Our Share Of The Blame


Lisa Monaco. By United States Department of Justice [Public domain], via Wikimedia Commons

Lisa Monaco. By United States Department of Justice [Public domain], via Wikimedia Commons

On May 16, Lisa Monaco, the Assistant to the President for Homeland Security and Counterterrorism (the President’s chief counterterrorism advisor), sent a letter to the deans of 12 public health schools. The letter, a copy of which was obtained by Yahoo News, says: “I wanted to inform you that the Director of the Central Intelligence Agency (CIA) directed in August 2013 that the agency make no operational use of vaccination programs, which includes vaccination workers. Similarly, the Agency will not seek to obtain or exploit DNA or other genetic material acquired through such programs. This CIA policy applies worldwide and to U.S. and non-U.S. persons alike.” The letter was written in response to concerns about the use of public-heath programs in covert operations. But, why the concerns?

In July of 2011, The Guardian reported that the CIA had organized a fake vaccination campaign in order to collect DNA samples from residents in Abbottabad, Pakistan to determine whether members of Osama bin Laden’s family were living there. The CIA had come up with the idea after American intelligence officers had tracked an Al Queda courier, Abu Ahmad al-Kuwaiti, to the bin Laden compound the summer before. They even recruited a Pakistani health official, Shakil Afridi, to act as an organizer for the fake vaccination campaign.

Afridi went to Abbottabad in March of 2011, saying he had funding to give free vaccinations for hepatitis B. He went around the normal bureaucracy and directly hired local health workers, who had no idea about the CIA search for bin Laden. He started in a poor neighborhood, and the next month instead of giving the second dose of the vaccine (hepatitis B vaccine is usually administered in three doses), he went on to the neighborhood where bin Laden lived. One of the nurses managed to gain access to the bin Laden compound. We don’t know what information, if any, was gained by the nurse.

KAP chartPakistani intelligence found out about the fake vaccination campaign while they were investigating the raid by the U.S. on the compound. Afridi was arrested. This also led to the Taliban targeting immunization workers, reportedly killing 56 people between December 2012 and May 2014. This number includes police officers sent to guard the workers. The Taliban normally portrays vaccination drives as a Western plot to sterilize Muslim children or as a cover for spies, so the CIA action played straight into the population’s fears. Vaccination rates, not that good to begin with, sank even lower, with the Taliban banning outright vaccinations in parts of Pakistan.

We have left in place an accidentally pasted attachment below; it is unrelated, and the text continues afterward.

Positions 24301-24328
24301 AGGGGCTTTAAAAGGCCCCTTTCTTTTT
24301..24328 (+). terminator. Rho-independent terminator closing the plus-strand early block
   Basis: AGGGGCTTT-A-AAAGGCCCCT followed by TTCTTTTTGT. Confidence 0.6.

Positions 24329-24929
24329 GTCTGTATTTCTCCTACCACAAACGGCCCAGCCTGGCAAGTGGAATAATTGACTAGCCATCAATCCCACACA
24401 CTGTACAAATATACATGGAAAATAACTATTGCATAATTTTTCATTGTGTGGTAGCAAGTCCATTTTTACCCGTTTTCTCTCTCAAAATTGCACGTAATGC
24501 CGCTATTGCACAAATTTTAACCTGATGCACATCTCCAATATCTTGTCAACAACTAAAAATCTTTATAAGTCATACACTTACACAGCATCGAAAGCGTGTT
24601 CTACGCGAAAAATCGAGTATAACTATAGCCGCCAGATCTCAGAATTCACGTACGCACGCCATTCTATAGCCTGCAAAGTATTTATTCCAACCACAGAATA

Then, polio started making a resurgence. Of the 77 new cases of polio reported so far this year, 61 of them were from Pakistan, mostly from the Federally Administered Tribal Areas (FATA) region, a Taliban stronghold. I myself know of the horrors of polio first hand; my dad had polio when he was a teenager. Though he came through it much better than some did, he was still partially crippled by it. My dad was a big man; 6’1′ and 210 pounds in his prime, yet his right leg was skinnier than my arm, and I’m not a big man. The possibility of this spreading should be of concern to all of us.

Pakistan’s set up emergency mandatory polio immunization at its international airports and various health organizations have made sure health care clinics outside the FATA area are well stocked with polio vaccines, and they’re making an effort to vaccinate children crossing the Pakistan/Afghanistan border. However, they’d have a much easier time if the CIA hadn’t done what they had in Abbottabad.

We’re seeing the blowback in our own country as well. The fear of vaccination as a government control mechanism has been commonplace on the fringes of the conservative movement since the birth of the John Birch Society. And, with the conservative movement’s shift to the right over the last thirty years, such views are becoming more mainstream, and they cite the Pakistan incident as a reason for their beliefs. Hence, we’ve seen an increasing number of cases of diseases such as measles, which were thought to have been eradicated in this country.

OWW calls on all governments to never play games with their citizens’ (or citizens in other countries’) health for political gain or otherwise. Eradicating such scourges as polio takes a worldwide effort, and only by our governments cooperating with each other will we be able to do so.


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